Coaching Tools: Writing Your Ideal Conversation
The following story is going to change your life. It’s going to help you expand your horizons, think bigger, dream bigger, and ultimately help you get exactly what you want out of life.
Pretty lofty goals for a blog, right?
That’s the point. Because today, we’re talking about how to envision an ideal conversation—the kind of conversation that will change your life forever—and how to take that conversation off the page and turn it into reality.
This is a coaching tool we love to use called The Ideal Conversation. Let’s dive in.
Writing your ideal conversation
I want you to try something right now. It’s a journaling assignment, so if you don’t have a journal, it’s time to get a notebook (or choose an online journaling format that works for you).
Now it’s time to write that conversation. Here are the rules, which are purposely simple:
1. Choose an imaginary scenario with anybody you want. They can be alive or dead, famous or unknown, real or fictional… it can be someone you’ve had a crush on forever, or someone you’re in a major argument with. Maybe you’re interviewing for a job, going on vacation, or you’re on a romantic dinner date. Let your imagination run wild.
2. Now, flesh out a conversation with that person, and make it ideal. Write out everything you’ve ever wanted to say to them, and have them respond in the best possible way.
That’s it! That’s the exercise. Simple stuff, right?
Before you dive in, though, I want to tell you a story—this is a story about a client of mine who did this journaling exercise in a pretty interesting way.
The not-actually-ideal conversation
Many years ago, I had a client who was the VP of Sales for a technology company. She decided to write an ideal conversation between herself and the Obama administration. The goal of the conversation was to conduct a job interview in which she became Secretary of State.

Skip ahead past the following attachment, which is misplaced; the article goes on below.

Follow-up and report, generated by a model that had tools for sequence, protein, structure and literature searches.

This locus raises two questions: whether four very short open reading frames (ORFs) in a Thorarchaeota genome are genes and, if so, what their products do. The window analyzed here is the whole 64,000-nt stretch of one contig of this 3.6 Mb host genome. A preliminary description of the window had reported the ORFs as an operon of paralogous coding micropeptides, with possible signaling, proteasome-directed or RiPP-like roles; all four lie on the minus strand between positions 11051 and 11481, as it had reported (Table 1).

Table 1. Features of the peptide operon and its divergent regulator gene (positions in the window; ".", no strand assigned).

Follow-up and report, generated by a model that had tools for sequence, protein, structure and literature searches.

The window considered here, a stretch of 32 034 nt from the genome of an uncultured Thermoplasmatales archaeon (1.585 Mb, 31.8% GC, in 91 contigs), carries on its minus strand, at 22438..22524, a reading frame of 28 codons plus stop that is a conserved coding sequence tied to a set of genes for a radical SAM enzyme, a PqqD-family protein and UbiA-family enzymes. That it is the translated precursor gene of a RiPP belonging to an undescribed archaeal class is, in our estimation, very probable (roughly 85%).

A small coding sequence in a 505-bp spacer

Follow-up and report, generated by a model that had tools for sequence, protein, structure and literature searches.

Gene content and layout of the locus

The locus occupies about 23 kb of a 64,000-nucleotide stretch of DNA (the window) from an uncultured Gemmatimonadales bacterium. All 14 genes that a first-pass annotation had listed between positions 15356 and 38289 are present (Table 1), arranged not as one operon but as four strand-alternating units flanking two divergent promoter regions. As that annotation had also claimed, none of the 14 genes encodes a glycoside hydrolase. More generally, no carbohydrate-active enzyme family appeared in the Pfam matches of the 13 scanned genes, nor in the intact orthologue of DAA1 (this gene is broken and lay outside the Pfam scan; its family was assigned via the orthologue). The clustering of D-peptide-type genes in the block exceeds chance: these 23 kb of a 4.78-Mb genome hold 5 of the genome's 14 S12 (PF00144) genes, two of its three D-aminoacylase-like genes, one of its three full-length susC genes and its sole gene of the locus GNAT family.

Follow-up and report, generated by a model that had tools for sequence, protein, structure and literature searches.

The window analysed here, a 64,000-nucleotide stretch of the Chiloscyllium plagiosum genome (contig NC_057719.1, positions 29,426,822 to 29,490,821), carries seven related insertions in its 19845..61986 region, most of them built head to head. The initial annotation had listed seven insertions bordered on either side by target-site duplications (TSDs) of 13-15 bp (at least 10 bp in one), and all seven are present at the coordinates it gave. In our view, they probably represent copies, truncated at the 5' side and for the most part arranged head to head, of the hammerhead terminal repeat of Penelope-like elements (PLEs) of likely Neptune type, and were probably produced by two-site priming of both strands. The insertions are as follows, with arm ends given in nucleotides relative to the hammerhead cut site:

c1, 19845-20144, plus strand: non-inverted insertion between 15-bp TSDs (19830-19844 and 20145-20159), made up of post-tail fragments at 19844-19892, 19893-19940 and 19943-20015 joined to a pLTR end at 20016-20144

Very lofty indeed!
She journaled that the administration brought her in for an interview and said, “Wow. We looked at your resume. You seem like a very promising candidate, so tell us in your own words what qualifies you for this position.”
My client proceeded to write paragraphs and paragraphs about her many qualifications. She talked about her education, her heritage, her business acumen, her work experience… she even wrote a ten-point plan about everything she’d do as Secretary of State.
She then had the interviewer respond with, “That’s amazing! We’re really impressed with you. As soon as we’ve interviewed all the candidates, we’ll get back to you and let you know about the position.”
At the bottom of the journal she wrote me a personal note that said, “How’s that for dreaming big?”
The truth? My first thought was: I gave you blank slate to create whatever you wanted, and in your ideal scenario, you didn’t even give yourself the job?!
This is the interesting thing about writing out your ideal conversation. Even when you don’t want it to, what you write says something about you, your values, how you feel about yourself, and how big you’re willing to dream.
I asked her why she didn’t give herself the job, and she said, “Well, that would be presumptuous, wouldn’t it? It’d be arrogant and self-serving of me, and impolite.”
Through reading her ideal scenario, I learned things about my client I’d never known before. She’d internalized all these beliefs about what it meant to be too forward, too self-assured, too self-serving. What’s more, I learned that a stronger, deeper belief was holding her back. In her mind, she was saying I can’t ask for what I want, because to ask for what's ideal is too much.
After sharing that with my client, we started to uncover a pattern. She was doing this in all areas of her life: her work, her relationships, her romance, you name it. And once she realized that she was doing it and made a mental shift, she performed better in that fiscal quarter than she did the entire previous year.
That's the benefit of having an ideal conversation.
It reveals so much more than you think it does.
And all it takes is a skilled coach to uncover what you’re missing.